Friday, February 26, 2010

Around About

Give poetry critics their due. In the midst of an ever-dwindling audience here are people not only prepared to read your poetry, but to take what you do seriously enough to talk about it. How they talk about it, the terms they use, the energy and insight they bring to their reading is entirely dependent upon their understanding of their craft. But it remains a matter of public record: when they could be doing something else – like mowing the lawn or enrolling in Reiki courses – someone chooses instead to write about your glosa, your use of the hendecasyllable.

More impressively, they do so while resisting the poet’s inclination to subvert an instinct most people take for granted: the simple desire to know what things mean. Critics trade in explanations, poets do not. While the poet may rightfully ignore any effort to press her about what she means in a poem the critic is under a different obligation; the only mystery is why so many settle for writing about whatever ill-defined, ephemeral effect a line of poetry has on them instead of its underlying meaning or truth.

Instead, a rough “gloss” will do, invariably made up of large, rather vague abstractions that really don’t tell us anything about anything - like the one we encountered last week when a reviewer discovered new poems “that are not only haunting for their language, but also for what they tell us about humanity.” When the writer uses the word “about” here, her failure to unpack whatever qualities of “humanity” she says exists in these poems makes it clear she doesn’t really mean it. She can’t tell you what these poems are about. She can only offer us what most reviewers offer - a gesture towards, an approximation of, truth or meaning.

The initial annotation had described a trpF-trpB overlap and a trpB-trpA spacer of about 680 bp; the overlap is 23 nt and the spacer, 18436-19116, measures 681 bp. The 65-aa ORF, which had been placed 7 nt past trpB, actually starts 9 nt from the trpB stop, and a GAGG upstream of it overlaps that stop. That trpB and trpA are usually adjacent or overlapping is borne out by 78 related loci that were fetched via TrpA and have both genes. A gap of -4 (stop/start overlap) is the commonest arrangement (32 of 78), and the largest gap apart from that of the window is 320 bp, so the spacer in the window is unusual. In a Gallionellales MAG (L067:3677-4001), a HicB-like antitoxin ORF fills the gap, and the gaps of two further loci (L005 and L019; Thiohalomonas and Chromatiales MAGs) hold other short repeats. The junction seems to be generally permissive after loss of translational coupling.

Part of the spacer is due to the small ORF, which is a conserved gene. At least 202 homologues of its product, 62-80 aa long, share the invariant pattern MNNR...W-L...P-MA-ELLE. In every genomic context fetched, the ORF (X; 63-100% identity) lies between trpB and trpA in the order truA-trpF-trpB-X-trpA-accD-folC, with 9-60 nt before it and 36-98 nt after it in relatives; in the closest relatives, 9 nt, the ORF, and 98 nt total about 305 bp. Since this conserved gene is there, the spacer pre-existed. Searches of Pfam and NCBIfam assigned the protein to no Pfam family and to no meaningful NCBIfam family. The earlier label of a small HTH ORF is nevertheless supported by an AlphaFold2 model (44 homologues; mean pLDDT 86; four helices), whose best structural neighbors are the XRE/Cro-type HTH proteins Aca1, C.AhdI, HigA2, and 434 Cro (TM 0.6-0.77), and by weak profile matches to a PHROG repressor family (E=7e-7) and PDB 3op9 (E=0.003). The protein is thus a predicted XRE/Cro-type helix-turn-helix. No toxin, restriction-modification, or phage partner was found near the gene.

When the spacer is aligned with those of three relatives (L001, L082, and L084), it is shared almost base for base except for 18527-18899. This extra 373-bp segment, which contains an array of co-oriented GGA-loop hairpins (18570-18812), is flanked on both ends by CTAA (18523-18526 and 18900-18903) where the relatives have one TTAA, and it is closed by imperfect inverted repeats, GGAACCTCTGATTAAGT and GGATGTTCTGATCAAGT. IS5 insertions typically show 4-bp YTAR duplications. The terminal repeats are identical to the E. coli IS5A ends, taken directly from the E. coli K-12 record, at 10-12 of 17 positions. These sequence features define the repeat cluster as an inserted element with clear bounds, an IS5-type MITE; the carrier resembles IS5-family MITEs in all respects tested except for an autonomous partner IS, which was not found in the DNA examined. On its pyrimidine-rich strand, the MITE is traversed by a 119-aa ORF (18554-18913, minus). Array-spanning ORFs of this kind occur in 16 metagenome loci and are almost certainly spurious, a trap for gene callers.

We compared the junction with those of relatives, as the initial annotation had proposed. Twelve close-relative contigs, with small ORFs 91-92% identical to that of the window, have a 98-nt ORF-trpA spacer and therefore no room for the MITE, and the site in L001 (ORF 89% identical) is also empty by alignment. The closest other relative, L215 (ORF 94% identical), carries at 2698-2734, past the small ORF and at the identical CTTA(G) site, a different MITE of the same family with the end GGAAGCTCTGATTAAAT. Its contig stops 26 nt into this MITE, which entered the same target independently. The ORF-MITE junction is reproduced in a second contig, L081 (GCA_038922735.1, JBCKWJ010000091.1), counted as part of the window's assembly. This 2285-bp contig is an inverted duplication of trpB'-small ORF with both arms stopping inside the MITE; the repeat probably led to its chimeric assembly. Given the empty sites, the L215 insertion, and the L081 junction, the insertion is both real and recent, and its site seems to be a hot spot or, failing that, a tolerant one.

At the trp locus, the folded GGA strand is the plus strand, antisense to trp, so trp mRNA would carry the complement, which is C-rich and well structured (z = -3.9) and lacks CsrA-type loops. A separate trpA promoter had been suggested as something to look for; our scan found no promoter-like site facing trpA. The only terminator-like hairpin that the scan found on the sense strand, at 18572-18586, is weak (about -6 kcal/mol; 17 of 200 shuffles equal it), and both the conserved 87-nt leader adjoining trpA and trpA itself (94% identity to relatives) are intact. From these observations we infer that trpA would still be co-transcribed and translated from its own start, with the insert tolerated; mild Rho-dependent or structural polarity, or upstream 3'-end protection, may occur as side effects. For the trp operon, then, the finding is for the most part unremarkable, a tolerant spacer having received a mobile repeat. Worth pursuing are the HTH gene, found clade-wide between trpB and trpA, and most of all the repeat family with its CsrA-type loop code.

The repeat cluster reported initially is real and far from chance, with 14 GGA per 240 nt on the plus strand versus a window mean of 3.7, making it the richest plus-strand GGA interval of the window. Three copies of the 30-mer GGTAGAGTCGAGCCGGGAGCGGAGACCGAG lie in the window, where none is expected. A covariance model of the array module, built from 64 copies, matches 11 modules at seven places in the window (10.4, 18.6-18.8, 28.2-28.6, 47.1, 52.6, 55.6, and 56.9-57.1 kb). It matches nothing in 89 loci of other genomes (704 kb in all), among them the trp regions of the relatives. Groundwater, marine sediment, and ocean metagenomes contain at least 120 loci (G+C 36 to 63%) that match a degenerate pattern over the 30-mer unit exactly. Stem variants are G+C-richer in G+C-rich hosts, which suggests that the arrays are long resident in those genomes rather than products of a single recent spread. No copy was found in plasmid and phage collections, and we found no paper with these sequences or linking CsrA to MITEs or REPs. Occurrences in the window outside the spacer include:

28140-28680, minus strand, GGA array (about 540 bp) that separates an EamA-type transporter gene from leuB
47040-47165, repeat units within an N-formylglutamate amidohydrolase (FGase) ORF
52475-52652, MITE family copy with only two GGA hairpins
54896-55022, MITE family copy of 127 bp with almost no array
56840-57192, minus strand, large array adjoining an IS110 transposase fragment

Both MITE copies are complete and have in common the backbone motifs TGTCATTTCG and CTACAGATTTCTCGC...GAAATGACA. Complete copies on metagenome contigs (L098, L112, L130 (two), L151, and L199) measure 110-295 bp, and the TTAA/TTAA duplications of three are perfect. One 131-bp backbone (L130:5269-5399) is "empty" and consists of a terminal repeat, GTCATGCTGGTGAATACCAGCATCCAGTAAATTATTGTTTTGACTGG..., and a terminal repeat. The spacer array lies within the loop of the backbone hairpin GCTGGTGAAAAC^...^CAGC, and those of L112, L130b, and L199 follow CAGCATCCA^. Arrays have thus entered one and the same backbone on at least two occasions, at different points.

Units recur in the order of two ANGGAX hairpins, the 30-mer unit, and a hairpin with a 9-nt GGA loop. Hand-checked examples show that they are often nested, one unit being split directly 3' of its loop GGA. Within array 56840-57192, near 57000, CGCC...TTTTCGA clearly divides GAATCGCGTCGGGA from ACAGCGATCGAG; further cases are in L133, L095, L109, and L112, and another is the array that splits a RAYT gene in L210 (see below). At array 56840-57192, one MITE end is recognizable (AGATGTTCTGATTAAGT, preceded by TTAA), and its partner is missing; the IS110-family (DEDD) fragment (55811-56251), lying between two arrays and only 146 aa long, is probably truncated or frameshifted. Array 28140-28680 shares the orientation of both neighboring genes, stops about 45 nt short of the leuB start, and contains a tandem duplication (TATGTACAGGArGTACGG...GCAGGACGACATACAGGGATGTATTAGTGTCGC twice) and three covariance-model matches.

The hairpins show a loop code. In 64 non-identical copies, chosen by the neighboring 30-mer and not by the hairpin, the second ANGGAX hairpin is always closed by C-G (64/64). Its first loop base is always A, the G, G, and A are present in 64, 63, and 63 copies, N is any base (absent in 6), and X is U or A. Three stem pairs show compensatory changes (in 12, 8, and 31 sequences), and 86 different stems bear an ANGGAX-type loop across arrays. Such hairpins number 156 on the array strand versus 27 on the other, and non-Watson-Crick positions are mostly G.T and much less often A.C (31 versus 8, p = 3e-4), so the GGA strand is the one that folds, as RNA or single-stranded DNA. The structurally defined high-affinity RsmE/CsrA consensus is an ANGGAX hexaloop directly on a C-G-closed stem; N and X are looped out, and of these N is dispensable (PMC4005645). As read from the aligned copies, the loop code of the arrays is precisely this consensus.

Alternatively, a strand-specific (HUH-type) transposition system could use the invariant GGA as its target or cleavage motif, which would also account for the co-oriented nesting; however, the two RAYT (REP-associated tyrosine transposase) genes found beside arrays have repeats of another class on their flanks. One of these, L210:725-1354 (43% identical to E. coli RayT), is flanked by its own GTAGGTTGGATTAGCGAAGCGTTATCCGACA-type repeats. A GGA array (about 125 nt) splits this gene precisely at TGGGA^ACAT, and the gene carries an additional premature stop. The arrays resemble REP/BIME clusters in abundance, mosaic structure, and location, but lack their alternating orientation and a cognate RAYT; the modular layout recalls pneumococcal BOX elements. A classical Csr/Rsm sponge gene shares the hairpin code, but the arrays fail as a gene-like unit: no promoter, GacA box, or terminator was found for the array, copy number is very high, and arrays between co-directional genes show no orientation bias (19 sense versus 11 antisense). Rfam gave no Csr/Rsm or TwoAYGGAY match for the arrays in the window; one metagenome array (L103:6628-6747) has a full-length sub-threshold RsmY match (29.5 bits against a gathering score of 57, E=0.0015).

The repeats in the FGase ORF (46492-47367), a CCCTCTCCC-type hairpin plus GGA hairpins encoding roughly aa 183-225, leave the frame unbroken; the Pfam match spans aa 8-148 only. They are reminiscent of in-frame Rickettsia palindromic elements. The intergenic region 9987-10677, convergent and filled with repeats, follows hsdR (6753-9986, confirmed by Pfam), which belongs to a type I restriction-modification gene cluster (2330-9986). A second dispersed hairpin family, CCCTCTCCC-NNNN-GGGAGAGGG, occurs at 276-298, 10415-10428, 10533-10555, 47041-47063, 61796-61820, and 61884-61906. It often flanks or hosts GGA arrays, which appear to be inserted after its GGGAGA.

Jacques Derrida tells us there’s a reason for this. Even a cursory glance at your OED reveals that talking “about” anything is hampered by basic etymology. Far from reflecting our capacity for fixed meanings the word “about” is defined variously in over a dozen entries as “around”, “circular”, “on every side", "nearly",
“approximately”, “in a circumlocutious or winding course”, and “less definitely.” Only one entry defines “about” in the sense that we’re discussing it here, as “touching”, or “concerning” the constitution of particular things. So, as much as you believe you can say what a poem is about, your ability to identify very precisely what that something might be is impeded by the imprecision of language itself. Or as a quantum theoretician might put it: you can’t fix something using tools that appear broken, unfixed, uncalibrated.

Our position is made even more precarious by the fact that most poems are themselves largely meaningless, which is only to say that they’re less concerned with providing fixed, indelible, memorable meanings than they are with producing a handful of salubrious effects, a wash of meaningfulness as in “I found that poem to be really meaningful, but what it means to say precisely, I can’t tell you.” It’s this expectation that poets now write to and to which critics have become inured.

An example of this can be found within the pages of a review by American poet and reviewer Joshua Mehigan in last month’s issue of Poetry. It’s plain to see that Mehigan likes the poems in Stephen Edgar’s History of the Day very much. He makes two very strong statements at the beginning and end of his review: Early on, he says these poems “yield meanings sharable by reader and writer...a brand of mystification that leads to some very satisfying eureka moments”; the poet, he concludes, “modulates his language in the service of meaning.”